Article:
POST_URL = 'https://adsynth-ofx-quotewidget-prod.herokuapp.com/api/1'
COLUMNS = ['cy-pair', 'rate', 'date']

def post_loop(currencies):
    results = []
    for base in currencies:
        for term in currencies:
            data = {
                "method": "spotRateHistory", 
                "data": {"base": base, "term": term, "period": "day"}
            }
            f = requests.post(POST_URL, json=data).json()
            try:
                results.append(
                    [base + term, f['data']['CurrentInterbankRate'], datetime.now()])
            except Exception as e:
                print(e)
    return pd.DataFrame(results, columns=COLUMNS)

One thing to note is that all we are doing is returning the current exchange rate for different currency pairs, and ignoring the historical data points. The next step to expand our program would be to try and work out how to extract all the historical information as well, but we wont worry about that for now.

At this point let's also add a function to allow us to control which currency pairs we actually want to retrieve rather than just blindly fetching them all. If we ever do want to fetch them all we can just not call this function.

def filter_cys(currencies):
    allowed = set(['GBP', 'USD', 'EUR'])
    return list(allowed & set(currencies))

Now the final piece of the puzzle is to string all of our functions together and check everything is working.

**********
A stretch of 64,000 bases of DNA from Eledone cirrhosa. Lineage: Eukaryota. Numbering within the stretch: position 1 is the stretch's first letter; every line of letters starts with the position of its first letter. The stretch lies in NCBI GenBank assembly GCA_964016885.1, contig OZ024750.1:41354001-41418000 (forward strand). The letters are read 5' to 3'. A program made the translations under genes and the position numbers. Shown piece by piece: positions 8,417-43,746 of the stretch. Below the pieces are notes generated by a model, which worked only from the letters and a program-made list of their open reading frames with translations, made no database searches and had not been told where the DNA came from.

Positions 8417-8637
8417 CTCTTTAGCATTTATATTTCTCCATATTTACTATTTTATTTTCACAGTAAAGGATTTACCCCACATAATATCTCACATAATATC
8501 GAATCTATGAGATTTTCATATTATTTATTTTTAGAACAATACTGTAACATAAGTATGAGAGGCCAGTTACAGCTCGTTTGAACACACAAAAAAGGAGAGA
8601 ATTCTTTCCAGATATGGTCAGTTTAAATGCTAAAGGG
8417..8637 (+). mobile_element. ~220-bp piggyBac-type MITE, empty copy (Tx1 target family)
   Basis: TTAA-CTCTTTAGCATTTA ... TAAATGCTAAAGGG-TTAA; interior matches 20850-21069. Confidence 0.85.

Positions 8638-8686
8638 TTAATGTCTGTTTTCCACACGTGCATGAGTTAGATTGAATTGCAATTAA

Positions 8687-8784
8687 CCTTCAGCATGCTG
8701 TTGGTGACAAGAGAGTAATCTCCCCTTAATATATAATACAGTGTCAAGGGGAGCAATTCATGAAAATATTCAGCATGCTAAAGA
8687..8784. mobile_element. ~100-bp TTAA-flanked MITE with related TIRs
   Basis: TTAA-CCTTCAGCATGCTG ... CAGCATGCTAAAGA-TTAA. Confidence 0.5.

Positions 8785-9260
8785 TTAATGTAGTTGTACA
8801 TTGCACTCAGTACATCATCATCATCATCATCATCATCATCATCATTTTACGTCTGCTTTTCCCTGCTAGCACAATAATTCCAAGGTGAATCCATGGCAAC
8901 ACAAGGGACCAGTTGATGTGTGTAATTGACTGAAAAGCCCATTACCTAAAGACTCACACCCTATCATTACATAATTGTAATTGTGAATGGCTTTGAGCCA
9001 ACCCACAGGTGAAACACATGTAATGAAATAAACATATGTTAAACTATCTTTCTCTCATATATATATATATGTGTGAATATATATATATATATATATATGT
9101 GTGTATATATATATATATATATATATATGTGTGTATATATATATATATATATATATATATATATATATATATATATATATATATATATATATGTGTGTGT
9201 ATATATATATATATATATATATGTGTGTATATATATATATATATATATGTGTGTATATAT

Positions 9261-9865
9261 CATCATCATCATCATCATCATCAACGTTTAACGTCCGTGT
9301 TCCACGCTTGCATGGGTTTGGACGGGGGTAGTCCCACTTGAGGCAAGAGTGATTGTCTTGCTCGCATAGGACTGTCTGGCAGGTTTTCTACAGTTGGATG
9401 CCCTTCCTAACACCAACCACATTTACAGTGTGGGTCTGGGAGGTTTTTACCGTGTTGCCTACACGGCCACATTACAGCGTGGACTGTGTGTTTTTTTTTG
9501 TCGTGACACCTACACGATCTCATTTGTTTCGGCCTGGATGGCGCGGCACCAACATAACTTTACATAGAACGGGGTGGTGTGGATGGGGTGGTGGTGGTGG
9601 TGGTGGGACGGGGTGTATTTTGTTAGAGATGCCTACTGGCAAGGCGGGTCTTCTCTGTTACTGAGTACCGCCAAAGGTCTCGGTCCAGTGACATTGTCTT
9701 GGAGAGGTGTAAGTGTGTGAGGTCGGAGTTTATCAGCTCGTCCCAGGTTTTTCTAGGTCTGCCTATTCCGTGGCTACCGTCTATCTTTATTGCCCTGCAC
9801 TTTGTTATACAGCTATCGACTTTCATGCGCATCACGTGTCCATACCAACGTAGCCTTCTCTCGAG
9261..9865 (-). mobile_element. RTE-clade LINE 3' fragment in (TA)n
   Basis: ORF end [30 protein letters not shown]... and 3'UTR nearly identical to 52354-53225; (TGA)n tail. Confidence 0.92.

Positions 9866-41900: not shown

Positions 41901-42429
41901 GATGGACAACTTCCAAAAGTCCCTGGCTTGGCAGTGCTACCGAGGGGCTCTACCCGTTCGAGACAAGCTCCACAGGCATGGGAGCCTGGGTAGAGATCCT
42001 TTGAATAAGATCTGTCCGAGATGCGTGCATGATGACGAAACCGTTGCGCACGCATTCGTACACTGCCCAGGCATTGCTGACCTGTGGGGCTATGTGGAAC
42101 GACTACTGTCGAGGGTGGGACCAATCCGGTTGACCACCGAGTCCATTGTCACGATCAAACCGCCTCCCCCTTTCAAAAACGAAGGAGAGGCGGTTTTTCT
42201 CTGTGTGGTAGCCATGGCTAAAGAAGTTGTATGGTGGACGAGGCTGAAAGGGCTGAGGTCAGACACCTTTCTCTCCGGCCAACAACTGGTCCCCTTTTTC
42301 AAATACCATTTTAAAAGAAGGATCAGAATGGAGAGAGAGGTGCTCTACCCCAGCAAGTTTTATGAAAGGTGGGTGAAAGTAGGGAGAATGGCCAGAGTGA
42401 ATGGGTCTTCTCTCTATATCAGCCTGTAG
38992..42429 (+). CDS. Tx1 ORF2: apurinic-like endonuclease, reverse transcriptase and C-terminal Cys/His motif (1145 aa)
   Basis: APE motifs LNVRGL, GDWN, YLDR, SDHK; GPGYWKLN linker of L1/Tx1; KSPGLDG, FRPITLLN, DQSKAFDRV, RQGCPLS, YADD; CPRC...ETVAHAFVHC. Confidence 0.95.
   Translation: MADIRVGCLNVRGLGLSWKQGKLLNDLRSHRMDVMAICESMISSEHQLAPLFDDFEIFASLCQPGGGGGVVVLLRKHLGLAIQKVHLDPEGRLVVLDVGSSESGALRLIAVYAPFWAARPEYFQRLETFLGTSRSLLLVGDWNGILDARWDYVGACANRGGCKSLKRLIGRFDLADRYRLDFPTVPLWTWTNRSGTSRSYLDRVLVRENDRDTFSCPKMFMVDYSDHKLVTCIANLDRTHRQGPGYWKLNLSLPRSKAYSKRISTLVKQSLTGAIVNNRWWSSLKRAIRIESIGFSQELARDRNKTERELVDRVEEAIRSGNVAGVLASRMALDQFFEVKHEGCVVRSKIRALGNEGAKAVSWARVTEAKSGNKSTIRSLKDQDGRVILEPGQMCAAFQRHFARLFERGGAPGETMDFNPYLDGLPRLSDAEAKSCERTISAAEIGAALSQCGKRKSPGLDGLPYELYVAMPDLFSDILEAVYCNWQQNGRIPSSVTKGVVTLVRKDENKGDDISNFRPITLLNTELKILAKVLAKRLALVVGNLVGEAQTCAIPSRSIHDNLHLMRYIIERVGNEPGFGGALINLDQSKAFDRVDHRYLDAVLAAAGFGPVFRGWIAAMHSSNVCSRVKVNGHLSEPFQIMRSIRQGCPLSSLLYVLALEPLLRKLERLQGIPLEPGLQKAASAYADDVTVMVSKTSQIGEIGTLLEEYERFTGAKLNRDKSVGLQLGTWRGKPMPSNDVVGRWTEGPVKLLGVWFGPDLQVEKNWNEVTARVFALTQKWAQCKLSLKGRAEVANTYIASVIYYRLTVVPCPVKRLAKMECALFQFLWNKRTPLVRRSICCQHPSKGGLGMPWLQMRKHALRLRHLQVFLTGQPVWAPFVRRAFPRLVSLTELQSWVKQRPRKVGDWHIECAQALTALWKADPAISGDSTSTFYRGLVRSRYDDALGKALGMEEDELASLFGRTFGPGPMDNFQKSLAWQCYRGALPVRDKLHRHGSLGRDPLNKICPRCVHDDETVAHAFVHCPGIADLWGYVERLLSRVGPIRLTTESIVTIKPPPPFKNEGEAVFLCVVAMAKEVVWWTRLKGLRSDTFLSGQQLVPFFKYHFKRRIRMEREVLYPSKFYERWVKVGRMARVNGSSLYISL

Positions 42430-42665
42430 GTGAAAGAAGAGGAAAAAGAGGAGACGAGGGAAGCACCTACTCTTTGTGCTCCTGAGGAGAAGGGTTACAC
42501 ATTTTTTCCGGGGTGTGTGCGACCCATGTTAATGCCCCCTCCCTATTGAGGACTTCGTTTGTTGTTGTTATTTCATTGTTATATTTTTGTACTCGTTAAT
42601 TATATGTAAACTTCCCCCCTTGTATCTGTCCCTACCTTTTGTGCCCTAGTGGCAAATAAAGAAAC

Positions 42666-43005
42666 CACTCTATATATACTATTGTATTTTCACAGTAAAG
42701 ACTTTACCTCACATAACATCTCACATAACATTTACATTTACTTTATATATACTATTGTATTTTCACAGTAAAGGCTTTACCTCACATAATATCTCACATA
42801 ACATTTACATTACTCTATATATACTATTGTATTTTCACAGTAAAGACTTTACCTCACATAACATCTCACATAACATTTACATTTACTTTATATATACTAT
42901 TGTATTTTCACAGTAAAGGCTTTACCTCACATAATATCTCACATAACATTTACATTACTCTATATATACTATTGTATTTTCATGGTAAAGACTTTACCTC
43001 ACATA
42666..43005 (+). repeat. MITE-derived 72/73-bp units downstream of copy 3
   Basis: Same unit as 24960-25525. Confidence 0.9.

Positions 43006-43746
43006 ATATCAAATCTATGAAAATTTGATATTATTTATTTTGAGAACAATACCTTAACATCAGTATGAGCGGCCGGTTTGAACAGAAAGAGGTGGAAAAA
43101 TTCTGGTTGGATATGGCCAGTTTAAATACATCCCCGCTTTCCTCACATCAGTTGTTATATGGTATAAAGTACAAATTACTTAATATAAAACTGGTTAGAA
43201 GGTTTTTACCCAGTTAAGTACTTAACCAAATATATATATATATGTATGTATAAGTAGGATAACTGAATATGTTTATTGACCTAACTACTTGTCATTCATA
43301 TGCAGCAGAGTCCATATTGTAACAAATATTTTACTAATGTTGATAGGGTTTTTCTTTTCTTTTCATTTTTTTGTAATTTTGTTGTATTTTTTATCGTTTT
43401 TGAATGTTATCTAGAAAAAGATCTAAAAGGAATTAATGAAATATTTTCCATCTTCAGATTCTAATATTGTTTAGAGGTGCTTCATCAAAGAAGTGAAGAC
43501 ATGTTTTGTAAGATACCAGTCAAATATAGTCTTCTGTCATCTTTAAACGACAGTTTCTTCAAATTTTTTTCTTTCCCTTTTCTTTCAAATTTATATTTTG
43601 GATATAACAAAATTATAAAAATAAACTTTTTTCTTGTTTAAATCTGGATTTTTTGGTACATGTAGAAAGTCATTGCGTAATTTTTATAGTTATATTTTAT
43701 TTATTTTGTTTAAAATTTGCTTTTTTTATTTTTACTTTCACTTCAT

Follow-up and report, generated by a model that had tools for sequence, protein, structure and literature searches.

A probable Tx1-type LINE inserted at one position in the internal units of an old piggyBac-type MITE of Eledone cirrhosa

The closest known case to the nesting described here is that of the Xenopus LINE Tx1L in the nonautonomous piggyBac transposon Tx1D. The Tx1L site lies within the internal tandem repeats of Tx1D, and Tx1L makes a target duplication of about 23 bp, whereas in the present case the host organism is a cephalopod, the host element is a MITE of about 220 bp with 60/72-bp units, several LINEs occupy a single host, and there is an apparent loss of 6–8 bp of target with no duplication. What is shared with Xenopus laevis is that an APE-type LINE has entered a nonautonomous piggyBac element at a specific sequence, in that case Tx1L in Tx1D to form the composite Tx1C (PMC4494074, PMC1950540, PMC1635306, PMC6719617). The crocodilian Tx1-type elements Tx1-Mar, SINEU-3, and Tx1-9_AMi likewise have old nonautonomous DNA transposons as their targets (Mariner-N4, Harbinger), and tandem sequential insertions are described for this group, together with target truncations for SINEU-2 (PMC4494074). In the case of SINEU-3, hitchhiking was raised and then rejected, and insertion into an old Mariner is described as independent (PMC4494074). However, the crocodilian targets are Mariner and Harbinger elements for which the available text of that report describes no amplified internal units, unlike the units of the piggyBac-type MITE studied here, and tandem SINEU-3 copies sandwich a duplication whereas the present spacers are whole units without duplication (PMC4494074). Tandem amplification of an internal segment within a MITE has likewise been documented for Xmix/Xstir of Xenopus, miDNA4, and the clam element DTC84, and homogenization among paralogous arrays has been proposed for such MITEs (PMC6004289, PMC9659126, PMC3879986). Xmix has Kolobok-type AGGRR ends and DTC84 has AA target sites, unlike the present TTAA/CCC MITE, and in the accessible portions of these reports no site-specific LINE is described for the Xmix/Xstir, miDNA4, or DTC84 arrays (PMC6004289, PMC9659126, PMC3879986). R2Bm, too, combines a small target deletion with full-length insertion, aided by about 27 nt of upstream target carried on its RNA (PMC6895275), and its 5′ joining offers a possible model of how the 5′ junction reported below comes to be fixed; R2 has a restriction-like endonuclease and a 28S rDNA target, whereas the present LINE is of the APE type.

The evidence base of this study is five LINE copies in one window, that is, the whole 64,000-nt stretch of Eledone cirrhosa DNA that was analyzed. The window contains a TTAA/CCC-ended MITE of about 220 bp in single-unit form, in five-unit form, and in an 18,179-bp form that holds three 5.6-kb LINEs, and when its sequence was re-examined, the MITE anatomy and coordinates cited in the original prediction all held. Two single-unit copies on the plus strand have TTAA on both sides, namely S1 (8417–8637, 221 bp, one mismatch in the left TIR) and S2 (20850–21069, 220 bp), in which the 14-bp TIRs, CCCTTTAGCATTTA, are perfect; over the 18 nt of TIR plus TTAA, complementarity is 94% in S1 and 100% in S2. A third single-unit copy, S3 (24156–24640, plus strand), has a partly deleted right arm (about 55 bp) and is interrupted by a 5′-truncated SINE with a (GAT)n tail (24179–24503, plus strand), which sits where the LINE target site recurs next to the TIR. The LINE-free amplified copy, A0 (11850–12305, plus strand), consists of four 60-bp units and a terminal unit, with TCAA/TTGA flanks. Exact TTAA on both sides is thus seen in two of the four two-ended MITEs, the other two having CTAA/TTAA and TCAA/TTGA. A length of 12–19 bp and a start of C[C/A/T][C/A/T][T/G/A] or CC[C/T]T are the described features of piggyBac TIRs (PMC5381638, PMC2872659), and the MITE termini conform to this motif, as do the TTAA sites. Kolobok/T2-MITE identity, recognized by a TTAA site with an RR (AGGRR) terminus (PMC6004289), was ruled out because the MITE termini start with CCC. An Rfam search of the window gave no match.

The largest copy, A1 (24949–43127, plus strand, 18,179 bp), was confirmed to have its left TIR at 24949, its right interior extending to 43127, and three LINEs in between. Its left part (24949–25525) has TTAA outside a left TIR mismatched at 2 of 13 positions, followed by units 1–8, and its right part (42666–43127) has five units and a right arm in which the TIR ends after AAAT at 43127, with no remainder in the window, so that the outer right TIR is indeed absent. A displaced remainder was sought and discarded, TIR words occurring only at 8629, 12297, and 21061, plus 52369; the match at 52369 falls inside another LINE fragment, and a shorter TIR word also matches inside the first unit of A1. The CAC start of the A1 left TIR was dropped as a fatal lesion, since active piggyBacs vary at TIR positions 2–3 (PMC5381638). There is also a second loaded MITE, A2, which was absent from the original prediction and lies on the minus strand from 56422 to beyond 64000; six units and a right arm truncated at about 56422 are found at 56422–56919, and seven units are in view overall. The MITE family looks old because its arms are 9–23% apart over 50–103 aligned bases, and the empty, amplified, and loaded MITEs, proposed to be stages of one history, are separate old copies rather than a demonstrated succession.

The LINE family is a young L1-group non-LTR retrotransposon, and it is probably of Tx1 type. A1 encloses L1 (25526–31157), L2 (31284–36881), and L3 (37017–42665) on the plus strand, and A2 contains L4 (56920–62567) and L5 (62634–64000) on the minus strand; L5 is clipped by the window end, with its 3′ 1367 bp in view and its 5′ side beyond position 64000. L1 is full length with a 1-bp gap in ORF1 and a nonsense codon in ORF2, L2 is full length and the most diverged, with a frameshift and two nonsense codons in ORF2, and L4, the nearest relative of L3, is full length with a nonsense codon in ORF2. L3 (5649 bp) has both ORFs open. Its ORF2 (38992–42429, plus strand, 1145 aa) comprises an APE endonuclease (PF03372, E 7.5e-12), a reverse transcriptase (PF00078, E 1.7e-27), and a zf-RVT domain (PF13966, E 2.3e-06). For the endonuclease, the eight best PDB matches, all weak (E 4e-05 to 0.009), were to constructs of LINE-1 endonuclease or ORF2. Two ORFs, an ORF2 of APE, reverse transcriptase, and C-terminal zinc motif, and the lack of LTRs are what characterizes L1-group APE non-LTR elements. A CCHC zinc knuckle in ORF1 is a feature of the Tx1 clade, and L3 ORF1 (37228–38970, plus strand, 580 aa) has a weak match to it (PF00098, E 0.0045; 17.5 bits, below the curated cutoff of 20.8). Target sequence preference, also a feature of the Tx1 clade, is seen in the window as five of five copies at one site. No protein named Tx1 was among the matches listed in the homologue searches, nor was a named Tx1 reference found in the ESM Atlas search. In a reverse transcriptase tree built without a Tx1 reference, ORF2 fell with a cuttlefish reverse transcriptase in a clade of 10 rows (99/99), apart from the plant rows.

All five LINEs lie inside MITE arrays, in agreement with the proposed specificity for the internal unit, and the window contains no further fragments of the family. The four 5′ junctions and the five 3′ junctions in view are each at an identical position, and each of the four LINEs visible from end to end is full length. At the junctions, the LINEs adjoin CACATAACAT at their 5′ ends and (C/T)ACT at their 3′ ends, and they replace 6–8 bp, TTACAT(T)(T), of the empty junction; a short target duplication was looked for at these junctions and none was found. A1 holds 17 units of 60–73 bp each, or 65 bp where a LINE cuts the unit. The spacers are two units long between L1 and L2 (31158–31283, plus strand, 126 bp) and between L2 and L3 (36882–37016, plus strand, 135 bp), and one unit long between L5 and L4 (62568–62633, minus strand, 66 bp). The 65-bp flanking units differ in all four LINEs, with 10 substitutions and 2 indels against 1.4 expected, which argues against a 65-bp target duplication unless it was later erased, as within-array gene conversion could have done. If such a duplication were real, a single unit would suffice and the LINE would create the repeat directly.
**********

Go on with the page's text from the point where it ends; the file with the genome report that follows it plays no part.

if __name__ == "__main__":
    webpage = get_webpage(URL)
    currencies = get_list_of_cys(webpage)
    filtered = filter_cys(currencies)
    data = post_loop(filtered)
    print(data)

If we run it, we should get the following output:

$ python3 yf-post.py
  cy-pair      rate                       date
0  USDUSD  1.000000 2017-11-24 10:40:41.857866
1  USDEUR  1.000000 2017-11-24 10:40:42.207901
2  USDGBP  0.751300 2017-11-24 10:40:42.557936
3  EURUSD  1.184300 2017-11-24 10:40:42.903970
4  EUREUR  1.000000 2017-11-24 10:40:43.254005
5  EURGBP  0.889744 2017-11-24 10:40:43.601040
6  GBPUSD  1.331100 2017-11-24 10:40:43.948075
7  GBPEUR  1.123919 2017-11-24 10:40:44.296109
8  GBPGBP  1.000000 2017-11-24 10:40:44.645144

Success! We have managed to write a program to make a HTTP request to an API endpoint and fetch a table of all the currency exchange rates that we want. We could also extend this to cover historical data points of up to a year if we wanted too. Get the full code here and try it out for yourself.